Cardin skips primary plan, focuses on Steele

Maryland Votes 2006


OCEAN CITY -- Gathered for breakfast with several Eastern Shore Democrats in a diner yesterday, U.S. Rep. Benjamin L. Cardin discussed his campaign tactics to win the Senate race against Republican Lt. Gov. Michael S. Steele.

One problem: Cardin has a Democratic primary election to win first against Kweisi Mfume and several other candidates, including well-financed businessman Josh Rales.

Yet Cardin quickly dispensed with his standard discussion of primary strategy -- television commercials, phone calls and field work -- and trained his attention squarely on Steele, linking the lieutenant governor with an unpopular President Bush.

"He is going to be a strong ally of the president," Cardin told a half-dozen Democrats in town for the Maryland Association of Counties conference.

Mfume, who arrived in Ocean City several hours later, said Cardin is getting ahead of himself.

"The primary comes first. I think it can be a little dangerous to make assumptions in this race," Mfume said.

Political observers interpret Cardin's actions as an indication of a broader strategy to portray himself as the presumed Democratic nominee by ignoring Mfume.

"The front-runner can always do it and get away with it. And Cardin is perceived to be the front-runner," said Donald F. Norris, a professor of public policy at the University of Maryland, Baltimore County.

Norris said Cardin cannot attack Mfume, the former leader of the National Association for the Advancement of Colored People, because he cannot afford to lose black voters in what many polls show is a tight race. A poll for The Sun in July showed Cardin leading Mfume, 32 percent to 28 percent, but the 4-point difference was within the margin of error.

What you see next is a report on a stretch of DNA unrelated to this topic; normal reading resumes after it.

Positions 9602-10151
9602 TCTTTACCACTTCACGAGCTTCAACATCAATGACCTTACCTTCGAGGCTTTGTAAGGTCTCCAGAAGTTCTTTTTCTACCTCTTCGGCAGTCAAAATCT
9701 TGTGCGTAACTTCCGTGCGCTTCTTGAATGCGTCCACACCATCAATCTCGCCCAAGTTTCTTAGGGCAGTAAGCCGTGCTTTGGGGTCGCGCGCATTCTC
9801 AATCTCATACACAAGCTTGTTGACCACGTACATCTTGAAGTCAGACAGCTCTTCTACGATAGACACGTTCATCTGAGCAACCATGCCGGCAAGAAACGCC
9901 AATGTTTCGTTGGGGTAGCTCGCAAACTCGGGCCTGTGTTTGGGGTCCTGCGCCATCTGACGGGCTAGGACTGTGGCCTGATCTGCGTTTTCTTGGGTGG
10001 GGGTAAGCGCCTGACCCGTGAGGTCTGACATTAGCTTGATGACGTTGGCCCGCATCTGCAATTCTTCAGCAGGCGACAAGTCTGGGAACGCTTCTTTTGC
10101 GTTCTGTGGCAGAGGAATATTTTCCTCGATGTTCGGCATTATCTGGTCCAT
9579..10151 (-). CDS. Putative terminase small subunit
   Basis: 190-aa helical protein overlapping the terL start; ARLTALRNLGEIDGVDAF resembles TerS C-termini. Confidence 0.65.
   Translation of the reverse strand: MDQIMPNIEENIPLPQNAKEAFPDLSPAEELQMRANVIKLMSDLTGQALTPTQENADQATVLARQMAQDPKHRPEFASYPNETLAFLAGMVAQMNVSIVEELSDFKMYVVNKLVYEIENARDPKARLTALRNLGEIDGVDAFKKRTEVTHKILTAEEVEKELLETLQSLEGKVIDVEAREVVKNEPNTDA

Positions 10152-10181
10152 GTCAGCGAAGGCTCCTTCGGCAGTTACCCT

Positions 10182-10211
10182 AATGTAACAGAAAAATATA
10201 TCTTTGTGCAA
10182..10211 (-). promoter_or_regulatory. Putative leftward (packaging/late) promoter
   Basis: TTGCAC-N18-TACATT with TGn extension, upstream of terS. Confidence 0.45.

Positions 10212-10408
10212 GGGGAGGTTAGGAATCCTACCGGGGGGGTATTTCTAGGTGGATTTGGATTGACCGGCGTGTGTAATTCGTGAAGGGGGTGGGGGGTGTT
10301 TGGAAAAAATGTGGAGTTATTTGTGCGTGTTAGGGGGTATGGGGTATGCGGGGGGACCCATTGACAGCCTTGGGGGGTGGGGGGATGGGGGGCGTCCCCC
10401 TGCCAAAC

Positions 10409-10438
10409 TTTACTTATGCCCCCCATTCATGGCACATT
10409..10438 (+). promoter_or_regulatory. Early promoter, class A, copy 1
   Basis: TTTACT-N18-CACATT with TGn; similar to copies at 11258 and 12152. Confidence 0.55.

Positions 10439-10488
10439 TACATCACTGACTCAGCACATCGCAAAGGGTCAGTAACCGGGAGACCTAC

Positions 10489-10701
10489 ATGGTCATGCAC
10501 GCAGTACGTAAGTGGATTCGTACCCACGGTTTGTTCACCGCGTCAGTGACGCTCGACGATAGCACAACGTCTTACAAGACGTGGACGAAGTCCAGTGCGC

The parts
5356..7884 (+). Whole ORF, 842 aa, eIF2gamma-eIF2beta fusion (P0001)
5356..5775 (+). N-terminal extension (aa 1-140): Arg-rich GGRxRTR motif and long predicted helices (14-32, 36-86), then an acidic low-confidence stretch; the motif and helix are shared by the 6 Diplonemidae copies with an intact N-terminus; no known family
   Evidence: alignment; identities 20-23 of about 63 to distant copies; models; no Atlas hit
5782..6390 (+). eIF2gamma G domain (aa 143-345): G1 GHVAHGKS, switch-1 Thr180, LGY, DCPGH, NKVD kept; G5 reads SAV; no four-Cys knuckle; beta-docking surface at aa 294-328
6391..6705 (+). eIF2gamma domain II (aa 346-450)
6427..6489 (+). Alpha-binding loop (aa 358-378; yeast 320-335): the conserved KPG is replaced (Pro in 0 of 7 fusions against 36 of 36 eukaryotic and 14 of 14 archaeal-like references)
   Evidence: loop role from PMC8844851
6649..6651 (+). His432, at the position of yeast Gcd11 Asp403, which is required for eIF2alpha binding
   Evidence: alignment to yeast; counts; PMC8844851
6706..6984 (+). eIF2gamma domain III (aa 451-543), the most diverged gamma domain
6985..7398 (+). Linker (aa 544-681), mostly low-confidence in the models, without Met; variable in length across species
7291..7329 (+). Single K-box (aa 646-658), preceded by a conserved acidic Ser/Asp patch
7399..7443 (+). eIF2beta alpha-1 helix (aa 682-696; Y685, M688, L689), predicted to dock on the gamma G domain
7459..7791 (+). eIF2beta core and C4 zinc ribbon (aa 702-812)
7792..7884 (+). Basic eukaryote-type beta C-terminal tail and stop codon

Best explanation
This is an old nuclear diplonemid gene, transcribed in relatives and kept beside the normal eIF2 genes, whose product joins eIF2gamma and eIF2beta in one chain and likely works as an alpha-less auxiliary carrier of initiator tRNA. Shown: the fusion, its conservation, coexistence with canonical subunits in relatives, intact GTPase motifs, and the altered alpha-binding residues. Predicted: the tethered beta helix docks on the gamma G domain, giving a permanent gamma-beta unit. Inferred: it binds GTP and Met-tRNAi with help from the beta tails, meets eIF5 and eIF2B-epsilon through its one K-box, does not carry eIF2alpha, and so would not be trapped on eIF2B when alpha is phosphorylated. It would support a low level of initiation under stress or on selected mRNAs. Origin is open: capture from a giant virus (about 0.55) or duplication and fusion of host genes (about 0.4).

Against Steele, Cardin had an 11-point advantage, while Mfume was up by only two points, the poll found. Cardin said that lead, mirrored in a Washington Post poll, was encouraging because he said Steele has had more news coverage as lieutenant governor.

Cardin has far more money than Mfume and has been airing television commercials in the Washington and Baltimore regions. Rales, a millionaire businessman from Bethesda, has outspent everyone with a nearly ubiquitous TV presence.

This summer, campaign finance reports showed that Steele had $3 million in cash on hand. Cardin had $2.3 million, and Mfume reported only $171,000.

Mfume said money alone won't win this race. "The question becomes whether or not wall-to-wall television replaces hand-to-hand campaigning," Mfume said. "I'm a hand-to-hand campaigner."

Mfume said the odometer on his Jeep is testament to how many voters he has managed to reach in his 17-month campaign, and he said he will "have a few surprises" in the closing weeks.

Cardin, meanwhile, is trying to tie Steele to Bush at a time when 60 percent of Marylanders disapprove of the president's job performance, according to the Sun poll.

Cardin also said Steele has no voting record to track, but that his past statements clearly show that he will support a Republican agenda. He said recent comments by Steele critical of Bush and the Republican Party show that Steele is talking out of both sides of his mouth in a predominantly Democratic state.

Doug Heye, Steele's press secretary, said Cardin is trying to have things two ways: trying to show that Steele is a Republican but conceding that the lieutenant governor is critical of his own party.

"Ben Cardin acknowledged that Michael Steele is willing to talk straight and is willing to point out what's wrong with both parties," Heye said.

Sun reporter Andrew A. Green contributed to this article.

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